Overall Experience: An urban blend of east and west, Istanbul is a perfect combination of ancient and modern life. It seems like every corner has historical significance to some faction of civilization. It’s insane to comprehend the centuries of life that happened here! Zapping back to the present, I found Istanbul offers pleasant conversation with its friendly citizens, modern amenities with public transportation, traditional relaxation techniques with the Turkish Bath, and culinary delights ranging from strong, thick coffee to spicy stews.
I didn’t know what to expect from this city but now I know it’s somewhere I will always return to and there will still be surprises in store.
Istanbul Ataturk Airport
Just under 10 hours from DC, the overnight Turkish Airlines flight delivered us into Istanbul in the late afternoon. Anxious to tour the city, we purchased our visa in advance at e-Visa for $20 a pop. It took less than 15 minutes and we avoided waiting in an extra line to get through customs.
Finding a taxi at the airport can be a little chaotic. I pulled up Uber and found a car for 100TL (about $16). While I was waiting for the car, a man with a badge approached me and told me Uber was illegal in Istanbul and a cab would be 170TL to get to our hotel. Since I already had a much cheaper price, I thought this guy was trying to rip me off so I walked away and proceeded to get the Uber I ordered and had no issues. It took about 25 minutes to get to the old city.
However, I later googled if Uber was in fact illegal and found this surprising article. I used the ride share app throughout my stay and didn’t have any problems. Every ride was a van with seats facing each other and little mini fridges filled with water. Use at your own risk but it seems the only problem is grabbing rides from the airport.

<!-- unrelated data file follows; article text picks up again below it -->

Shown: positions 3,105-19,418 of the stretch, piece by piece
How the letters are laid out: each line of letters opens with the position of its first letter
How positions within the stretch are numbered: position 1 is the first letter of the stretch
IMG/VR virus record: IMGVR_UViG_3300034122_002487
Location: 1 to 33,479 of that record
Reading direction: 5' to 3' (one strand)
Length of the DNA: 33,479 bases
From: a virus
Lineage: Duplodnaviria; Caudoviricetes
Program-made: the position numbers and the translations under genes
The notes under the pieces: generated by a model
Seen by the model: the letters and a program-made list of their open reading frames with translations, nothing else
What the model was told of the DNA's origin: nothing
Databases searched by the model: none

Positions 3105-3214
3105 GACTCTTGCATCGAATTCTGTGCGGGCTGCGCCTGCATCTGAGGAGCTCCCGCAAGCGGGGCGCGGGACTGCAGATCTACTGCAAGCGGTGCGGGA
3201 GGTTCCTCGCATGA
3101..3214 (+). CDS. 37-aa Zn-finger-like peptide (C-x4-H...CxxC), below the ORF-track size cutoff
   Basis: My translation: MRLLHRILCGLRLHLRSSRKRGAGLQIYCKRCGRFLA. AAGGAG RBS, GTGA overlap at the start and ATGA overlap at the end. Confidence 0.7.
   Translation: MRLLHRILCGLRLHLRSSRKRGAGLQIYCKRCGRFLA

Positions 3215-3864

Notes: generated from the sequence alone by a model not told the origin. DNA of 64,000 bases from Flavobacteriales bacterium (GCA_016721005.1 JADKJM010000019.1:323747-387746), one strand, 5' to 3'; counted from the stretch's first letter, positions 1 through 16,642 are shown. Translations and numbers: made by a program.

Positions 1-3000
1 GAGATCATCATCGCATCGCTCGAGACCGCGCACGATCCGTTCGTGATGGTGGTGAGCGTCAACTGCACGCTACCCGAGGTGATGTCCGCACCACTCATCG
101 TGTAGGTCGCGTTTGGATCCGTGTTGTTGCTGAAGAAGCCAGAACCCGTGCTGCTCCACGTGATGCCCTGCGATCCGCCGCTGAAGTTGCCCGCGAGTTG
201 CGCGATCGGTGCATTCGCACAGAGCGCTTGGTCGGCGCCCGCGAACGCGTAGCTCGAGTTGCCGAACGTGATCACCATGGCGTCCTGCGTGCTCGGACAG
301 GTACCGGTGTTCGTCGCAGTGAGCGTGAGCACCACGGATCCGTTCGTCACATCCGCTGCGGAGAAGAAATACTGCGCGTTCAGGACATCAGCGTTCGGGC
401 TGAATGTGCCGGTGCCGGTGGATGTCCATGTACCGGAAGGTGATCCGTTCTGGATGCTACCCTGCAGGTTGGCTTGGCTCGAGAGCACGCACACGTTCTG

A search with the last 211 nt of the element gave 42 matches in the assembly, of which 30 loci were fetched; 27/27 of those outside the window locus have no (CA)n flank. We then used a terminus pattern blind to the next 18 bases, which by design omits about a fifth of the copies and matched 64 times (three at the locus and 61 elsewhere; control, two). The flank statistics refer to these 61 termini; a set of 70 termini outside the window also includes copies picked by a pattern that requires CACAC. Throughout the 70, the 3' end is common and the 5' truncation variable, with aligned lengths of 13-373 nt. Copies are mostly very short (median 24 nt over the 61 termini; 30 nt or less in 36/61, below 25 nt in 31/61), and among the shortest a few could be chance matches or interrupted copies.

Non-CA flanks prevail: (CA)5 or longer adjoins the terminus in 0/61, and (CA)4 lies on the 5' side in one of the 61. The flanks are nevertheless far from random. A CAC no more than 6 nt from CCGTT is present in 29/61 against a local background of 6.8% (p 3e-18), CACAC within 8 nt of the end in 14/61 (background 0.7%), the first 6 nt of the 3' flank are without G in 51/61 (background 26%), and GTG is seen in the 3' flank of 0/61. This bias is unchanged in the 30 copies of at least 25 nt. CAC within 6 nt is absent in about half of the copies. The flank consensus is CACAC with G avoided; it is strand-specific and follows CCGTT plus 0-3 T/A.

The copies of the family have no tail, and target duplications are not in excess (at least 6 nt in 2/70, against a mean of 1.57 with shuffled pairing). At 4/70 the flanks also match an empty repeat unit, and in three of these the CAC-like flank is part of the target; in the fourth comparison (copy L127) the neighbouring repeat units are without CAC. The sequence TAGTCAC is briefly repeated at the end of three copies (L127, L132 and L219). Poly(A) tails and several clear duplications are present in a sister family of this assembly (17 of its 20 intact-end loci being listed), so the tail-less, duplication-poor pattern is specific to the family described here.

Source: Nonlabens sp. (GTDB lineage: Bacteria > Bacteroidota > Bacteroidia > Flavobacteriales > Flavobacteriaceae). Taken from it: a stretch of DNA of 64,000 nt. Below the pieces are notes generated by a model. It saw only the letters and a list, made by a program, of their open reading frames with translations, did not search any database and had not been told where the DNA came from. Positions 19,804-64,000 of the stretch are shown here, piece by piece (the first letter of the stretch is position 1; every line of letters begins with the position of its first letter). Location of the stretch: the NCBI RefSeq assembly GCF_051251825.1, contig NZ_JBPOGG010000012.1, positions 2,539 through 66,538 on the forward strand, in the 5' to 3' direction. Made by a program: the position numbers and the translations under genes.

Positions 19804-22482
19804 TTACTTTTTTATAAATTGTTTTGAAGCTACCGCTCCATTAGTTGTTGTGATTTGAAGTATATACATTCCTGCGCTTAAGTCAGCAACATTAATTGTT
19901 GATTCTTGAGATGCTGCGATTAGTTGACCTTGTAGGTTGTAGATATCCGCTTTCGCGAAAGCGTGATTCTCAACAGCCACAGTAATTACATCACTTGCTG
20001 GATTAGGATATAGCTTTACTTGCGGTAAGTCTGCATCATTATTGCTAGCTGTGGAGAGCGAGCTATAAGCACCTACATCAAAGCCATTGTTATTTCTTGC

Istanbul is ginormous! It’s home to 15 million people and 594 square miles (For comparison, NYC has 8.5 million residents and is 302 sq miles). There is a ton to see and do here! We focused most of our time in the Sultanahmet district and aimed to visit the most renowned sites. It’s a highly walkable city so we plotted our route and were able to get to mostly everything on foot. Istanbul is hilly and narrow so watch for cars, trams and the adorable street kitties.
Things to Do:
Its massive dome was an architectural marvel when it was constructed in the beginning of the middle ages. The centuries and volume of history contained in one building is staggering. It started in Constantinople as a church, was burned down by rioters, rebuilt, converted into a mosque. Today, it serves as a museum in Istanbul and a testament to passing time and the controlling kingdoms.
Entering the cavernous Hagia Sophia museum, you immediately turn your head up to see the opulent dome. Make sure to head to the second floor gallery to check out the Loggia of the Empress, where the Empress and her ladies watched the activities down below; the solid marble door, where important meetings were held; and the mosaics, picturing different religious and important figures. It’s open 7 days a week and costs 40TL to enter. It’s a must see when in the city!
The Sultan Ahmed Mosque was constructed in the early 1600s and sits directly across the Hagia Sophia, amplifying the skyline with its six skinny minarets. As you enter the complex, you walk into the expansive courtyard with marble archways giving you an idea of the massive size of the place. It’s nicknamed the Blue Mosque because of the hand painted blue tiles on the interior. When we visited, much of the interior was under construction but the intricate designs are exquisite. You will find yourself staring at the walls and ceilings taken in by the shimmery artistic works while your feet are massaged by the soft carpet.
This is a popular site to visit in Istanbul so while it was crowded the line moved swiftly. As this is an active place of worship, try to time your visit to avoid prayer times and Fridays, make sure to be respectful while taking pictures and exploring. There are also strict rules on what to wear; no bare legs or arms and women must wear a head scarf. Additionally, you’ll take off your shoes and carry them in a provided plastic bag. Don’t worry if you forget, they have complimentary cover ups to borrow. Finally, the Blue Mosque is free to visit but you can make a donation on the way out.
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